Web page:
Wednesday, May 16, 2018

Covered Bridges - Cottage Grove - Oregon

Cottage Grove, Oregon is a town just off of I-5 and we’ve stopped to stay at a small RV park there several times over the years.  We’d never spent time there other than an overnight stay so knew very little about the area.  I happened to read that it had several covered bridges in the area so that changed my whole idea of Cottage Grove for our next visit. 

RV park in bloom
We stayed in our favorite small RV Park on arrival with the intent of staying for two nights in order to be able to visit all the covered bridges in the area.  The sun was shining and the blossoms were in bloom which is not the norm when we visit, usually at a different time of year but makes for a perfect day today.

Currin Bridge Built 1925
I am not sure why, but I find these old covered bridges worth visiting and photographing.  They are not a common sight in our part of the country, we’d seen them while visiting Eastern Canada but saw very few otherwise and perhaps that is why.  Whatever my fascination is about, I took pictures of all of them while Keith patiently drove me all around this area in Oregon.

Mosby Creek Bridge Built in 1920
There is really very little difference between them other than their name and slight changes in construction.  Some have windows, others have not and then some had shutters, making it more attractive.  Some are still in use for vehicles while others are only for foot traffic.  No matter, they are all interesting and have their own charm.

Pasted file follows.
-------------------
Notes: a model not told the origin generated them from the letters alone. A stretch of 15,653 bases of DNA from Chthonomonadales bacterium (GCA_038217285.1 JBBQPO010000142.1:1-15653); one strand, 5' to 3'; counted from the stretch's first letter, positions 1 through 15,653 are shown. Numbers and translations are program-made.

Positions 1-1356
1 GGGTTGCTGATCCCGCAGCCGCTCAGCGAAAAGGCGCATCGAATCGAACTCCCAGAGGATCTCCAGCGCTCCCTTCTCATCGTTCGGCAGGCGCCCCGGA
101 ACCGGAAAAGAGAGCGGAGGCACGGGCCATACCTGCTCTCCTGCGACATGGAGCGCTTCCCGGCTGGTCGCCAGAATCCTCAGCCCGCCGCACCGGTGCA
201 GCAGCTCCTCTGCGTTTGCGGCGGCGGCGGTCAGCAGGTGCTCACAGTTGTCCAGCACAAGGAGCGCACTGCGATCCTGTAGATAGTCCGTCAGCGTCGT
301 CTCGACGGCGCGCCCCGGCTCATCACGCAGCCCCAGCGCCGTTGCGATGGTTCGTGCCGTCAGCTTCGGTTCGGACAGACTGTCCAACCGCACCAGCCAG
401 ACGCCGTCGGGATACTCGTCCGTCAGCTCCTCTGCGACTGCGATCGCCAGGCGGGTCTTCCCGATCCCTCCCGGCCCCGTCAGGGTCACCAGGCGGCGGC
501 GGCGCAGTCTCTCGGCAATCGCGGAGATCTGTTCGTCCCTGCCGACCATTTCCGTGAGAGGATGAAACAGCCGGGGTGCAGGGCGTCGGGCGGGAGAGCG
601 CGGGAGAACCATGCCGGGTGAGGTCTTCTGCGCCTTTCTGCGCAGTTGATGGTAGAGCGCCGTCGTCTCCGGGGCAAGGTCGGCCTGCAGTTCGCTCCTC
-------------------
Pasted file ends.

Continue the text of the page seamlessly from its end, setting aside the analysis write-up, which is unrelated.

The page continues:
Stewart Bridge 1930
There seems to be several possible reasons why covered bridges were covered.  They did protect the wooden bridges from deteriorating too quickly.  They added support to the structure to maintain the safety for longer.  It was even considered better when herding cattle across so they were not frightened by the moving water below.  Whichever reason, they all sound possible to me.

Unity Bridge 1936
Our visit to Cottage Grove was at the beginning of March so the trees were only beginning to show new life but the sunshine and locations made for a fun photo shoot day.  These are country roads well off of the main highway so it took a bit of map reading to find them all but we seemed to cover a lot of ground and found several.  I am sure it would have been easier with a tour map but this was fun.

Pengra Bridge Orig. built in 1890
 All of the bridges found in Lane County have been rehabilitated or restored and became safe to cross whether by foot, bicycle or vehicle.  The grants from Oregon Covered Bridge Program helped fund restoration for most if not all of the Covered Bridges in the area.

Dorena Covered Bridge 1949
The Dorena Covered Bridge, crosses over the Row River and the road ends here at a small park with amenities where people often gather for weddings and events.  The Dorena Reservoir was engineered in 1946 and therefor the bridge needed to be built to give access to the Star Ranch, which led to the bridge often referred to as the Star Bridge, as well.  The townsite of Dorena was then moved due to the Reservoir.

Centennial Bridge 1987
Within Cottage Grove town, they have a foot bridge that is called the Centennial Bridge built in 1987 to celebrate the 100th anniversary of Cottage Grove.  Volunteers used recycled timber from two other bridges.  This bridge rests on abutments from an earlier Main St. Bridge and spans 84 ft.

Chambers Covered Railway Bridge  Built in 1925

The last train passed thru the Chambers Bridge in 1951.  It became a danger to collapsing so was rebuilt in 2010 to be the only remaining covered railway bridge in Oregon and at that time, one of only eight left in the entire U.S.

We enjoyed our day of touring the covered bridges of Lane County in historic Cottage Grove, Oregon.  The 48 km (30 mi) loop around the Dorena Reservoir connects them.  This is the largest collection of covered bridges west of the Mississippi River, including the only remaining railroad covered bridge and they are all visited by many history buffs each year.

No comments:

Post a Comment

LinkWithin

Related Posts with Thumbnails